One of San Francisco’s newest tasting menus is also its most exclusive. On Sundays only, the popular Dogue patisserie and store serves a seven-course meal featuring high end, chef-prepared small plates. The organic beef chuck steak comes raw and adorned with pretty spirals of fermented carrot and a dusting of dehydrated beet powder. For dessert, pastel cake balls and rose-shaped tarts are made with ingredients like antelope heart and ground bone. The restaurant’s main point of difference: Instead of humans, the diners in question are dogs.

“Honestly, I don’t know who gets more enjoyment, the dogs eating or me watching them eat,” says Rahmi Massarweh, the chef-owner of Dogue, which opened late September this year. The “Bone Appétit” (yes, really) tasting menu costs $75 per floofer, so of course it’s spawned a slew of hot takes on wealth inequality, capitalism, and a society in peril. But Massarweh, a dog lover and Le Cordon Bleu-trained chef, just wants to see our four-legged friends thrive. “If you knew that your choices directly impacted how long a member of your family would live, wouldn’t you want to make the best choice for them?”

Over the past century, Americans’ approach to feeding dogs has undergone a major shift. In the 1910s, a household pup would be lucky to get a dollop of canned horse meat—which was made from worn out old workhorses sent to the slaughterhouse. But today, the humanification of pet food has snowballed into fancy subscriptions and specialized diets. There’s also a proliferation of animal-friendly bars, ice cream parlors, and restaurants like Dogue that serve doughnuts, froyo, and beer made for dogs.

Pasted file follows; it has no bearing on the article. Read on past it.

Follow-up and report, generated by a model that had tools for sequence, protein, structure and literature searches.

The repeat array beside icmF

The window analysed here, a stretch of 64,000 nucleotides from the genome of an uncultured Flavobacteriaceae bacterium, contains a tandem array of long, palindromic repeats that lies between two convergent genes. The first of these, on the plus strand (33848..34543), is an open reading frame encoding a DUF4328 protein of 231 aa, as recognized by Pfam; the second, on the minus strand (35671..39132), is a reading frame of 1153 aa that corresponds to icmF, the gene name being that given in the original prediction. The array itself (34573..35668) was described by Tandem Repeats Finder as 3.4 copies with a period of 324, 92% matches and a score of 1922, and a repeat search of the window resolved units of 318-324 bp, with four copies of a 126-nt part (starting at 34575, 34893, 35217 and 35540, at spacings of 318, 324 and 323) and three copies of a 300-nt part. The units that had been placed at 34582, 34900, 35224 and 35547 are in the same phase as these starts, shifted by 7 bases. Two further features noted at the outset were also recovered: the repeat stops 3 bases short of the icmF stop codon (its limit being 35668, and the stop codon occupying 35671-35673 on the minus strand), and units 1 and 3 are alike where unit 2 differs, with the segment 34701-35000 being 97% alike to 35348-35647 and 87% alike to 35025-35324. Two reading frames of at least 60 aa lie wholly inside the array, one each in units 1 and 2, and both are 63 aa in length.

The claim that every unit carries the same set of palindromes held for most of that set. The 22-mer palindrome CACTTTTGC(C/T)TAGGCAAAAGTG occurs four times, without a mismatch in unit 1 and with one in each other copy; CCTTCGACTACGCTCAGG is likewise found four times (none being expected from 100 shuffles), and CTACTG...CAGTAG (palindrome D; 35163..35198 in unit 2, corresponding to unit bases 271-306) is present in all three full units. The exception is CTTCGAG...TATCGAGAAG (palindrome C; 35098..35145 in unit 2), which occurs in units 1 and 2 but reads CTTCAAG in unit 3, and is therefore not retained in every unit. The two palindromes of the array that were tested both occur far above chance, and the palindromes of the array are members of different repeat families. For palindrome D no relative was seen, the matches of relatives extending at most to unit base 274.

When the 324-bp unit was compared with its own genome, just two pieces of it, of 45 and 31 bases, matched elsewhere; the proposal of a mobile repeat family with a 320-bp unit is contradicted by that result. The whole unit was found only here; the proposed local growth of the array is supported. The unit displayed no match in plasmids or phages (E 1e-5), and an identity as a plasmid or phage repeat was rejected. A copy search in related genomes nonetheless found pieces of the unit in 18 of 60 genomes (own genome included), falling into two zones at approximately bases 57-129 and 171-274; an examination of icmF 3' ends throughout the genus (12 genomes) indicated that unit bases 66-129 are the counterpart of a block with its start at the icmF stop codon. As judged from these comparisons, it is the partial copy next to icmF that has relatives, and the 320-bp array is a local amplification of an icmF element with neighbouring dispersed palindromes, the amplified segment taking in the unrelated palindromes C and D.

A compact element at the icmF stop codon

The beloved dog ice cream franchise Salty Paws, which first launched in Delaware four years ago, will soon have 22 locations nationwide. Even big chains like Shake Shack and Starbucks have dog snacks for people who simply won’t treat themselves to a venti caramel frappuccino without treating their best friend too. The Google search term “dog restaurants near me” has been rising steadily since 2014, and our current dog food boom has contributed to a pet food industry worth $50 billion dollars in 2021. Pet owners are now spending more than double what they did in 2010 on their favorite furballs.

“We decided to invest in the belief that pooch lovers would jump at the chance to eat, drink, and socialize in an establishment geared for pups and people alike,” says Jamie Hardaway, who opened her bar Hops & Hounds in San Antonio in May 2020. She was right: About 1,600 people—usually flanked by at least one dog each—come by every week for birthday and adoption parties, theme nights, or to hang in the off-leash play areas shaded by oak trees.

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